The only cost was what's left of Vargas' league-minimum 2009 contract -- he is a free agent after the season -- plus Double-A Huntsville infielder/catcher Vinny Rottino, a Wisconsin native and longtime organizational soldier who was the Brewers' final cut at the end of 2007 Spring Training but had fallen down the depth chart since then.Vargas, 31, who pitched for the Brewers in 2007, could provide depth for a pitching staff that has sent three arms -- Dave Bush, Seth McClung and now Jeff Suppan -- to the disabled list over the past five weeks. Vargas opened the year on the disabled list with an elbow injury, then posted a 1.64 ERA in eight relief appearances for the Dodgers after being activated July 3. His fastball was clocked as high as 93 mph. He will join the Brewers on Saturday and will begin in the bullpen. Depending on the recoveries of injured right-handers Dave Bush and Jeff Suppan, Vargas could be stretched out to start. "We'll have to talk to him when he gets here," Melvin said. "He hasn't been extended." When Vargas arrives, the Brewers will need to clear a spot on the 25-man roster. Melvin said that he was close to acquiring a front-line pitcher in a three-team deal, but it fizzled on Friday afternoon and Vargas was Milwaukee's only Deadline-day acquisition. Two weeks ago, the team filled a hole in the field by acquiring Felipe Lopez from the D-backs. "We continued to work on bigger things [Friday]," Melvin said. "But in case someone didn't become available, you like to have someone you're familiar with. We've had two starters and a long guy [Seth McClung] go down, and that's a lot of innings to fill. I just don't know how many innings [Vargas] can give us at this point." The irony in Friday's pickup was that the Brewers released Vargas during 2008 Spring Training because they had too many pitchers. Melvin originally acquired Vargas as part of a six-player deal with the D-backs in November 2006 and Vargas went 11-6 with a 5.09 ERA in 29 appearances, including 23 starts, the following season. He was one of eight starters vying for a spot in the rotation at the start of '08 before the Brewers released him on March 25. In dealing Vargas on Friday, the Dodgers opened a spot on the 25-man roster for reliever George Sherrill, acquired from the Orioles on Thursday. Rottino, 29, was exceedingly popular among Brewers fans because he grew up just south of Milwaukee in Racine, Wis., and rose from an undrafted free agent to legitimate prospect status in 2004, when he broke Prince Fielder's organizational record with 124 RBIs for Class A Beloit. Two years later, Rottino batted .314 at Triple-A Nashville and earned the first of three late-season promotions to the big leagues. In all, Rottino appeared in 18 games for the Brewers and batted .208 (5-for-24). His biggest hit came in the penultimate game of the 2007 season, when Rottino grounded an 11th-inning single that capped a come-from-behind win over the Padres and guaranteed Milwaukee's first winning season in 15 years. But Rottino was subsequently passed by other Brewers prospects. He was removed from the 40-man roster this spring and opted for an assignment to Double-A Huntsville so he could get regular playing time away from Triple-A catching prospect Angel Salome and third-base prospect Mat Gamel. In 98 games this season, Rottino batted .249 with four home runs and 48 RBIs. "I'm excited," said Rottino, who received a "really nice" call from Brewers assistant GM Gord Ash informing him of the trade. "I certainly didn't expect to be traded, but it's an opportunity for me to get back to the big leagues, for sure. "I feel like I'm a guy who can play multiple positions, especially catcher, and that's always going to mean an opportunity. It's going to be a matter of me being in the right place at the right time, playing well and then getting the opportunity. I'm never going to have the attitude, as long as I have a uniform in this game, that making it to the big leagues is not a possibility. Now that's going to be with the Dodgers." He didn't know much about the Dodgers, but said, "They obviously want me, because they traded away a guy who pitched in the big leagues for them." Any hard feelings toward the Brewers? "I will always have an allegiance to the Brewers," Rottino said. "After my 10-year big league career is over, I'd love to stay in the game with the Brewers. No hard feelings, whatsoever." Rottino will report to the Dodgers' Double-A affiliate in Chattanooga, Tenn.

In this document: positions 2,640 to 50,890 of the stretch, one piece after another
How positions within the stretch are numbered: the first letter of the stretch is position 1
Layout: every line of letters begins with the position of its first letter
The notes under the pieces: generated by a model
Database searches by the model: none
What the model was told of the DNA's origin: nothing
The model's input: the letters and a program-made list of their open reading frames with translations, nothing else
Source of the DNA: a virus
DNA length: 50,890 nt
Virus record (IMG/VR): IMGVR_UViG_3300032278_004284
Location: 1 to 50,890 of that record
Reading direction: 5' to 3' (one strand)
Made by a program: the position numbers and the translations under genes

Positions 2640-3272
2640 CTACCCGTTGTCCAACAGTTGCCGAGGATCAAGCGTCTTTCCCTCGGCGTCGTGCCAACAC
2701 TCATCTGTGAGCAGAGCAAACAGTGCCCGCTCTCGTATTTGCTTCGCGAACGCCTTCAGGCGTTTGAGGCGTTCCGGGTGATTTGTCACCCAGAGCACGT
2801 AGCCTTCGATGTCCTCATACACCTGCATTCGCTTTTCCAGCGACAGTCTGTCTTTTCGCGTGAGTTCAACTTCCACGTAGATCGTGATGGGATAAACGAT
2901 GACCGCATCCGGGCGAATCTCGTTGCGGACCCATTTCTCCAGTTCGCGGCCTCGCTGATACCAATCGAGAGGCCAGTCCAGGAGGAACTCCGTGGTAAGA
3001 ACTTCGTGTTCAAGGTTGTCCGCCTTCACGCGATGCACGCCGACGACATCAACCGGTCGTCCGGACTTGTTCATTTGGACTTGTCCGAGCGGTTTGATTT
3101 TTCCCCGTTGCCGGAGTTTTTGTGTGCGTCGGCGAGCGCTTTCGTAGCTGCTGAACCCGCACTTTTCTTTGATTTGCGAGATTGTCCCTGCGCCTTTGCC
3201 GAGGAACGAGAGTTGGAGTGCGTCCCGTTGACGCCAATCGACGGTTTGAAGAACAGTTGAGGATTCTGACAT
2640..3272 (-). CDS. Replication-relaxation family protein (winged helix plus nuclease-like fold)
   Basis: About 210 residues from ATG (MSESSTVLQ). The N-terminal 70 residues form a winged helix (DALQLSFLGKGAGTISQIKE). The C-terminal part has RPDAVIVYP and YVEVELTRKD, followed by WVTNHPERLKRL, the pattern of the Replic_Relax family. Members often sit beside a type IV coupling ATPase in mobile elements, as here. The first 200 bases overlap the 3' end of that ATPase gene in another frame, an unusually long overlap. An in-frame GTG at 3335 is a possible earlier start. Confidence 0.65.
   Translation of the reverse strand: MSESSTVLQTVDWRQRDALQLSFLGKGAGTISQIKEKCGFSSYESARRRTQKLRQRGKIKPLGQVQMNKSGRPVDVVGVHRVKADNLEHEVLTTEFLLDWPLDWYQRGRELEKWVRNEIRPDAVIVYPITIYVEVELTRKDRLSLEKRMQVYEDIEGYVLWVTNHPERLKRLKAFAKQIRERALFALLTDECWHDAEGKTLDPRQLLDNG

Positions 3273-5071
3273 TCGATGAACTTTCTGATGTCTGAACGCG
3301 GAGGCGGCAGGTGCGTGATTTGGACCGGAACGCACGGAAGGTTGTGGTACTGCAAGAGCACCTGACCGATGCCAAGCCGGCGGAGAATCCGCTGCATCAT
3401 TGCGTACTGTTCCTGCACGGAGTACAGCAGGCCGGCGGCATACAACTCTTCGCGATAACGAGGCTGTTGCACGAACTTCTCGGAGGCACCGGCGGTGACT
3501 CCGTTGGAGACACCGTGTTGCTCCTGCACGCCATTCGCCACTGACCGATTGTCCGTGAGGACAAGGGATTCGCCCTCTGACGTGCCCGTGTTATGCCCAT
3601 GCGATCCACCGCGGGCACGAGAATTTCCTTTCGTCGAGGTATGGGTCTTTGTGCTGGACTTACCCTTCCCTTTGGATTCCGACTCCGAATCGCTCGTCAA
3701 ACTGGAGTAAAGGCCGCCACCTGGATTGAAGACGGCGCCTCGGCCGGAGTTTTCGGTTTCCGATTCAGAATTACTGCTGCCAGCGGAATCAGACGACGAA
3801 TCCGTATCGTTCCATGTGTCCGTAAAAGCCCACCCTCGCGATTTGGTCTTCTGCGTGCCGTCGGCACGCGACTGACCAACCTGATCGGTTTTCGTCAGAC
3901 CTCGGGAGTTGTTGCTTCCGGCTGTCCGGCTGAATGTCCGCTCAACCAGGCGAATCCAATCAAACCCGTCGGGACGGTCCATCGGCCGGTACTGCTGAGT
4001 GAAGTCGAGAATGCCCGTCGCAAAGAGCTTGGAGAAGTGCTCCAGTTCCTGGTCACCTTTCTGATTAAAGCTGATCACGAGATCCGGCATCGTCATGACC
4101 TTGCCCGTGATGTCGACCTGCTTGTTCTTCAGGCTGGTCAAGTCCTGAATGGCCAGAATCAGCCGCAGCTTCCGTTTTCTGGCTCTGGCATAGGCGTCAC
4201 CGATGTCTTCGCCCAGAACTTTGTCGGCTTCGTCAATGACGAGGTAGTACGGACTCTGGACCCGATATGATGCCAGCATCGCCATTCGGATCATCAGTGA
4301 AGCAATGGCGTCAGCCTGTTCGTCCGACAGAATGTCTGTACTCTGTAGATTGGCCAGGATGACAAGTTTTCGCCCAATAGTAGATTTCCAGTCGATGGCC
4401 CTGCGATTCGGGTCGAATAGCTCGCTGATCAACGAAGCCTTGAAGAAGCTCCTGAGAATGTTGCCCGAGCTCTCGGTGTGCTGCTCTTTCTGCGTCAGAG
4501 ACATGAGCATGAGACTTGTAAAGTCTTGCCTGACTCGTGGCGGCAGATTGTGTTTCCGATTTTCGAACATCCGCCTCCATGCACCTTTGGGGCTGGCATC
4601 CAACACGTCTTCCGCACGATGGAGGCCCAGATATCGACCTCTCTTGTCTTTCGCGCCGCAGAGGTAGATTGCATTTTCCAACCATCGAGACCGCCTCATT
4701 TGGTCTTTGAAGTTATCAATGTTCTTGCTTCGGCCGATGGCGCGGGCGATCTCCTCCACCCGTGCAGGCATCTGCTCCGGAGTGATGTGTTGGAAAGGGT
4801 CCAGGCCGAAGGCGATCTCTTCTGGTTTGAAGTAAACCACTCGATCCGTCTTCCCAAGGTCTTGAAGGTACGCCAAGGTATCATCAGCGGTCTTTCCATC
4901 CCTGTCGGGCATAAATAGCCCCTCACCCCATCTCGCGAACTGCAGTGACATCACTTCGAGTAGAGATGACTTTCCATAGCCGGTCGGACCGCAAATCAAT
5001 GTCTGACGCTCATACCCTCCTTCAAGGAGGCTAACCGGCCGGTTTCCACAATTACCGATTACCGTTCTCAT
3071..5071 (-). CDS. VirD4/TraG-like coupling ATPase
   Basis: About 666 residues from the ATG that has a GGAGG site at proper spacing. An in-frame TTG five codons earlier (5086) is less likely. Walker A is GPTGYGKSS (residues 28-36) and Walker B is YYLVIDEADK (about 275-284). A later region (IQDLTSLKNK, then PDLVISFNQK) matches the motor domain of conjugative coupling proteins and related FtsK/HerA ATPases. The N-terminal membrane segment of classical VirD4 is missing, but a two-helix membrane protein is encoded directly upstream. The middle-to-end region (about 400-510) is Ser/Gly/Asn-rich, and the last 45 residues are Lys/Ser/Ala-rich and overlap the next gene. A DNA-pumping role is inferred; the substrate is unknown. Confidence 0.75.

Adam McCalvy is a reporter for MLB.com. This story was not subject to the approval of Major League Baseball or its clubs.